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Baker-Polito Administration hands out awards for bravery to local and state law enforcement

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Worcester Police Officer Manny Familia

WORCESTER – Today, in a ceremony at Worcester’s Mechanics Hall, Governor Charlie Baker, Lieutenant Governor Karyn Polito, and Public Safety and Security Secretary Terrence Reidy presented the 37th and 38th Annual Trooper George L. Hanna Memorial Awards for Bravery. The Hanna Awards honor the memory of Massachusetts State Police Trooper George Hanna, killed in the line of duty in 1983, and recognizes members of law enforcement for exemplary acts of bravery.

“These awards recognize police officers who exhibited remarkable heroism in the face of extreme danger,” said Governor Charlie Baker. “Their quick-thinking and decisive actions showed extraordinary courage and a deep commitment to helping others no matter the risk to themselves. Today’s recipients carry on the legacy of Trooper George Hanna, demonstrating exceptional police work grounded in the value of selfless service.”

“Emergency responders, including the brave members of our law enforcement community, have demonstrated their extraordinary commitment to our residents and communities these last 20 months,” said Lieutenant Governor Karyn Polito. “Today’s Hanna Awards remind us that in the most challenging days of the pandemic, police continued using their training, skills, and expertise to protect us. We owe them and their families our respect and gratitude for all that they do.”

Since 1983, 142 individuals have received the Hanna Award, the highest honor the Commonwealth bestows on a law enforcement officer. This year’s prestigious award ceremony honored twelve recipients, hailing from the Massachusetts State Police, Westborough, Pepperell, Mansfield, Braintree, and Boston Police Departments. Due to limitations on gatherings last year, this year’s ceremony combined recipients from calendar years 2019 and 2020.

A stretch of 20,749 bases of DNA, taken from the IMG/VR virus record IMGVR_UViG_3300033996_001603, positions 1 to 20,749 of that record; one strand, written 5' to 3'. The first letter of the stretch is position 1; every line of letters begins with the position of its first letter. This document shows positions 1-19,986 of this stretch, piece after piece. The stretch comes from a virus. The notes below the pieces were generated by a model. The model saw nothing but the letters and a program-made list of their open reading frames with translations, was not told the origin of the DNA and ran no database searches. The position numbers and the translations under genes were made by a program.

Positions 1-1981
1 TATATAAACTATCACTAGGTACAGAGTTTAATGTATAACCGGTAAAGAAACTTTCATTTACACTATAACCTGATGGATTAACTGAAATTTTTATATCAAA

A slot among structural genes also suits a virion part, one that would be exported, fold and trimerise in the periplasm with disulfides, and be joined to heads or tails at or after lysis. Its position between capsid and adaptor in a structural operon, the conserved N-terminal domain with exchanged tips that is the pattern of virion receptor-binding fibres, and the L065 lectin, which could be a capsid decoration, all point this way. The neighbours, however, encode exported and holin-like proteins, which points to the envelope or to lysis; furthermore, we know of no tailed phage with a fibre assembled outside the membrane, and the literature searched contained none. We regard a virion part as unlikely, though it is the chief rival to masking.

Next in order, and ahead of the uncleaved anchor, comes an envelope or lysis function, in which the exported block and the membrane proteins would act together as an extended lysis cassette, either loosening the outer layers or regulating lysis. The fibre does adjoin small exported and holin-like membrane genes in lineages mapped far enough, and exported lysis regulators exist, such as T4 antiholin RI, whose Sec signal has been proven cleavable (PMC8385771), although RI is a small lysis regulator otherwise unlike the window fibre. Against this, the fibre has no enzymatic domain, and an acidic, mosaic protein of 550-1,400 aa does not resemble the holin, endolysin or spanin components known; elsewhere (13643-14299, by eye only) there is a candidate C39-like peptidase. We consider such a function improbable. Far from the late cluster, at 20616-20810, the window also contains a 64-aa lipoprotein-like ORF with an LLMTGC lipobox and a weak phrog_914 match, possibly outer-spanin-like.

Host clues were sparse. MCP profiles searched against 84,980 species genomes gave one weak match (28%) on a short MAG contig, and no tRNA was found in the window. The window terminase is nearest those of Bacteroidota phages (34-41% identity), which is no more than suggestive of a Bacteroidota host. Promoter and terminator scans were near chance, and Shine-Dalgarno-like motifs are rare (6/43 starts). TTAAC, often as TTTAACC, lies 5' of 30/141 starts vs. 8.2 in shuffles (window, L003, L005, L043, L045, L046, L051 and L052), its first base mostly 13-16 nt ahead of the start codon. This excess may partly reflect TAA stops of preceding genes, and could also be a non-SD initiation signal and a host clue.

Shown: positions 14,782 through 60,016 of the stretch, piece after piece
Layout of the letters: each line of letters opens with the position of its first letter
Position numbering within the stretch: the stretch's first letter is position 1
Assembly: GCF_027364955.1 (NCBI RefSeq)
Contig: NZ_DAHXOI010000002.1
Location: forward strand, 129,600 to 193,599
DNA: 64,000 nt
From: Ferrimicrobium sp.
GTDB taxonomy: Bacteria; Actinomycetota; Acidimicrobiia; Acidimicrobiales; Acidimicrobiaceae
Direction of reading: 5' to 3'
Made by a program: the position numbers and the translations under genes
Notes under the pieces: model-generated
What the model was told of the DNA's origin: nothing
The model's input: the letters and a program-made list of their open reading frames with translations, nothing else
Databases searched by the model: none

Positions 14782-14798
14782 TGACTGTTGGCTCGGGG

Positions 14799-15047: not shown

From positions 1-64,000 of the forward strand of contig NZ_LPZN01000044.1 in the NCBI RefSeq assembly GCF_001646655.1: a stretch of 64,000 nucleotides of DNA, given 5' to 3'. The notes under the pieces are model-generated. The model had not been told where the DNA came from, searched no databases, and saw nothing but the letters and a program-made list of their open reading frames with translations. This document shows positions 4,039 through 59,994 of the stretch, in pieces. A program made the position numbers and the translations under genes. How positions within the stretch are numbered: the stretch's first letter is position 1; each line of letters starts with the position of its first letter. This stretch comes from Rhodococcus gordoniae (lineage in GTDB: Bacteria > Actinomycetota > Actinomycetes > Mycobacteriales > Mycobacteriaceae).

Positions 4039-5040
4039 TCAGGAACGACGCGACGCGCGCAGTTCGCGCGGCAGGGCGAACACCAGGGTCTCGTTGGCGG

“Today’s Hanna Award recipients have distinguished themselves through extraordinary bravery, deserving of our appreciation and admiration. Their harrowing stories are a profound reminder of the life-threatening dangers police offers face with every call,” Public Safety and Security Secretary Terrence Reidy said. “We also honor the memory of our fallen police officers like Trooper Hanna and my friend, Worcester Police Officer Manny Familia, who made the ultimate sacrifice for those they swore to protect.”

Each year, local and state agencies submit Hanna Award applications, which are reviewed by a committee of public safety and law enforcement executives. Upon selecting individuals or teams as recipients, the committee considers the facts of each nomination to classify the award as either a medal of honor or valor. Honor is the highest award for those who demonstrate extraordinary bravery and courage in the face of extreme risk and certain and imminent danger to life or limb. Valor is awarded to those whose valor in a single incident goes above and beyond the call of duty, and who demonstrate selfless bravery despite the potential for danger to themselves.